Niko Alm is Austrian and recently got his driver’s license photo taken wearing a pasta strainer on his head. After jumping through some hoops, he successfully showed the authorities that he should be allowed to wear a pasta strainer because it was “religious headgear.”
His religion? Pastafarian.
Mr. Alm is an Atheist and says he is a member of the Church of the Flying Spaghetti Monster (a U.S. based sect) whose only dogma is “the rejection of dogma.”
Back in April, we wrote about the Flying Spaghetti Monster in an article titled To Be an Unbeliever? and how Theists often take a dim view of Atheists.
Previously, the Church of the Flying Spaghetti Monster had petitioned for Pastafarianism to be taught in Kansas schools alongside Evolution and Intelligent Design (aka Creationalism).
Mr. Alm is now trying to get Austrian authorities to recognize Pastafarianism as an official faith.
We wish him good luck with that.
Many religious will take offense at Mr. Alm’s endeavours while many non-believers will chuckle.
For those who do believe in God, they should thank Mr. Alm for, in effect, he is making it easier for the religious to celebrate their faith, whatever it is.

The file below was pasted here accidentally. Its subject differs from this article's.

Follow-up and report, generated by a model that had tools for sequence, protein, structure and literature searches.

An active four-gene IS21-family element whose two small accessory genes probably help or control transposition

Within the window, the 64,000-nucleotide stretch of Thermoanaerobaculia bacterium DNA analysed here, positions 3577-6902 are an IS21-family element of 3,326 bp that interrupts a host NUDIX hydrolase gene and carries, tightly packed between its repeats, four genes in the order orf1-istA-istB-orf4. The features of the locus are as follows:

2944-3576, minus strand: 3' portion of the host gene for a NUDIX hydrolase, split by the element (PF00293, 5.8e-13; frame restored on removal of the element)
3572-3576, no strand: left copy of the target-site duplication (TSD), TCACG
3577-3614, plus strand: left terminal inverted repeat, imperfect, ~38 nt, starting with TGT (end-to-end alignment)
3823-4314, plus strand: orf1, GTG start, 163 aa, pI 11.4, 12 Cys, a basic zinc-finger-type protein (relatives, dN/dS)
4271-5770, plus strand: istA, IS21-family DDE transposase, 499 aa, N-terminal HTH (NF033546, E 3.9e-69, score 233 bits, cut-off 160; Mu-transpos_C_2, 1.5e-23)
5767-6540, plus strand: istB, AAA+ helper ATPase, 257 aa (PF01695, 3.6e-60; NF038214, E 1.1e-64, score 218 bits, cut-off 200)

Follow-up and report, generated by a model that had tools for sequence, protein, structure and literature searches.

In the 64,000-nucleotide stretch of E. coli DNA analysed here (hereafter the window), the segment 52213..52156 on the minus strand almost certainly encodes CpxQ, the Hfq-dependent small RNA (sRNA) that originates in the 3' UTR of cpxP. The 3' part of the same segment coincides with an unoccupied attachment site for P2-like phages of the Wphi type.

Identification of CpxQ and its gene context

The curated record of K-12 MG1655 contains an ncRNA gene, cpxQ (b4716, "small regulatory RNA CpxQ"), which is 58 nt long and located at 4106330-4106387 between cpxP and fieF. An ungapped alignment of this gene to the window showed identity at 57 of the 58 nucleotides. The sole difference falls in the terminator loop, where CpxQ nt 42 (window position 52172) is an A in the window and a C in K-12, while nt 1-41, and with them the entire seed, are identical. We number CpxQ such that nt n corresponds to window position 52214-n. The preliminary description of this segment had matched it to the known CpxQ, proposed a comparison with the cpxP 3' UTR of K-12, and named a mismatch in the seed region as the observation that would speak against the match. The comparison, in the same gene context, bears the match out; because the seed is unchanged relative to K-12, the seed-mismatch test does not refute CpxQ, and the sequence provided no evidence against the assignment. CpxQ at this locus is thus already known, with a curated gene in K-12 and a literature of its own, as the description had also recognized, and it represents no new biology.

How much satire or comedy have places like Iran, Afghanistan, Pakistan, or North Korea produced? Sure, the Soviet Union produced Yakov Smirnoff but he emigrated to the United States in 1977 where he became a famous comedian with immortal jokes like:
In America, you watch television.
In Soviet Russia, television watch you!
In places with no religious freedom were you to try and claim your religion as Pastafarianism you’d have your head cut off. Thus, where satire is common, so, usually, is freedom. And the more satire you find in a country, the more freedom you find and the more it will grow in future generations.
Satire tells people not to take themselves too seriously and the highly religious (the Taliban, hardcore Christians, etc…) tend to take themselves very seriously and when that happens you can usually expect things like books being banned (Nazi Germany), people being beaten up or murdered for their beliefs (Egypt), and the general sense of fun being greatly reduced in society.
Of course, there are some Atheists out there who are so extreme that they may be trying to take away peoples’ right to religious (or not) expression such as the lawsuit filed to prevent Texas Governor Rick Perry from holding his prayer and fasting rally that we wrote about in April but, overall, there seems to be an uneasy equilibrium in places where satire thrives.
Such is the price we pay for being freer than most.